Using Bottled Water When Making Wine
Using bottled water when making your wine is fine, and in some cases preferred, depending upon what's in your tap water. But, not all bottled waters are the same. Some bottled waters have been distilled and that's a bad thing for winemakers. When choosing bottled water for wine making be sure that it is labeled as spring water, mineral water or some kind of drinking water and not labeled as distilled water.
Using Distilled Water When Making Wine
Using distilled water can cause big problems for the unsuspecting winemaker. There are two reasons for this. The first being distilled water has had all of the excess or "free" oxygen removed from it. The second reason is that distilled water has no minerals either. Both of these conditions are direct results of the distilling process and both conditions have inhibiting effects on a fermentation.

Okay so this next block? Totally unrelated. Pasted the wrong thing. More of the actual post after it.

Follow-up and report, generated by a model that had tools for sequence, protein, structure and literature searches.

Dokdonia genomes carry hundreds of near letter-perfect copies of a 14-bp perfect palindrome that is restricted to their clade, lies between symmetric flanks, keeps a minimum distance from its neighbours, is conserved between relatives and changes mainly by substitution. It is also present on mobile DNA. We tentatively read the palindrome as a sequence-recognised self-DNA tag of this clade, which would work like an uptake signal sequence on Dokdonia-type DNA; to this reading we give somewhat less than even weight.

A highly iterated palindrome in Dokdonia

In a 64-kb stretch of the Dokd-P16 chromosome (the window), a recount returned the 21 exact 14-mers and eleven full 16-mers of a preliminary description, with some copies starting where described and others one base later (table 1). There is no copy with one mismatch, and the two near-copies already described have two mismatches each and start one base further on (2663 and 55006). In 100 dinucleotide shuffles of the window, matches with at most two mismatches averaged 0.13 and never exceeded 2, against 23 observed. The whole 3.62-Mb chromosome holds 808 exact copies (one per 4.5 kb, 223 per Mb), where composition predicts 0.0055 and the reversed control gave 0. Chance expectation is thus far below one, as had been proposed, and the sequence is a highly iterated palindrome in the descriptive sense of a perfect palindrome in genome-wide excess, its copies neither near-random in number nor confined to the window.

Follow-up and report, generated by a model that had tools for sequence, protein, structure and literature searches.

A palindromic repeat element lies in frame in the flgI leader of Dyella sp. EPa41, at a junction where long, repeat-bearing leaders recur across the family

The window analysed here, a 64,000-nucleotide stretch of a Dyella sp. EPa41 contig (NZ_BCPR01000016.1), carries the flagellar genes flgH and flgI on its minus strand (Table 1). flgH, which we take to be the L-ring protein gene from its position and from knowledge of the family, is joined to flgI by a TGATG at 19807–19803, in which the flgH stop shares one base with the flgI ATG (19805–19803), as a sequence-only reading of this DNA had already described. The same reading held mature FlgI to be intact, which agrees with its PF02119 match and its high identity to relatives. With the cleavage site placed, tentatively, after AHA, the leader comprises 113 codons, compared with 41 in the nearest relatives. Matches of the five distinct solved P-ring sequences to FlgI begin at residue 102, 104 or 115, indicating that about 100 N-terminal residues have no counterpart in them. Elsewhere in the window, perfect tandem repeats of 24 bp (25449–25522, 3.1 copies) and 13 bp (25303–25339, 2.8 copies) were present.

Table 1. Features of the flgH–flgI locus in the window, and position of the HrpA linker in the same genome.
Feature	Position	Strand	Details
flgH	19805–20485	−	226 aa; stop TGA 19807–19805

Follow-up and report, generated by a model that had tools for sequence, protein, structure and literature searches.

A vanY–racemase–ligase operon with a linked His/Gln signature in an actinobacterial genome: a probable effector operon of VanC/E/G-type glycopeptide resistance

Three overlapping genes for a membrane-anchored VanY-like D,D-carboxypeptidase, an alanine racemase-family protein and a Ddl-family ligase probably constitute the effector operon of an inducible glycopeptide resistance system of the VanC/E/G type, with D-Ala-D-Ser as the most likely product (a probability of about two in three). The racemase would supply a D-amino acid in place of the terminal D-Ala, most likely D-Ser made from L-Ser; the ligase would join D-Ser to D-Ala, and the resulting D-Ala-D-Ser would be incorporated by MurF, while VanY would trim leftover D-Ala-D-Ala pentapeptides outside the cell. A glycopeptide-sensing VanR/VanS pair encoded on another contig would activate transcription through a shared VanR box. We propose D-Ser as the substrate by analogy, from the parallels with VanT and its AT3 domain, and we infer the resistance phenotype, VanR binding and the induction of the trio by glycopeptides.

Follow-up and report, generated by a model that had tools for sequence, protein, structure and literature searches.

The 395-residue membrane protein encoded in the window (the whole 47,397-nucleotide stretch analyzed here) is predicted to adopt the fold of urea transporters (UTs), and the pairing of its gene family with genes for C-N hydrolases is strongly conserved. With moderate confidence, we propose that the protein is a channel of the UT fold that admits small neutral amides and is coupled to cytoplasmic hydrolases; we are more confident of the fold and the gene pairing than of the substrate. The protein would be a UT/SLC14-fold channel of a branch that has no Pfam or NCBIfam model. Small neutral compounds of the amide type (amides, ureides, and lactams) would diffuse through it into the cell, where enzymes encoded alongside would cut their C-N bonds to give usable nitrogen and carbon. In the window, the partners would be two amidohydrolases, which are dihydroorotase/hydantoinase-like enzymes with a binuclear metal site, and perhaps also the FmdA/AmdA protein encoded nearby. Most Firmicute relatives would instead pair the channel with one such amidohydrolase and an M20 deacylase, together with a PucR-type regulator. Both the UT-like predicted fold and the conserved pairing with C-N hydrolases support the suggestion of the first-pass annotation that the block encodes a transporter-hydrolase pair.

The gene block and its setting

During the primary fermentation the wine yeast need an ample supply of oxygen in the must to allow them to freely reproduce themselves. The yeast has the monumental task of multiplying themselves to around 100 to 150 times during the primary fermentation. If the yeast are not given enough oxygen to multiply successfully, then the result will be a sluggish fermentation that can drag out for several additional weeks.
Having no minerals in the water affects the fermentation in a negative way as well. Minerals are a significant portion of the nutritional meal the is required by the yeast to perform at their best. Different minerals effect the wine yeast in different ways, but in general, minerals increase the yeast's ability to metabolize or consume sugar. Without a supply of minerals you have yeast that consume sugar at a slower pace.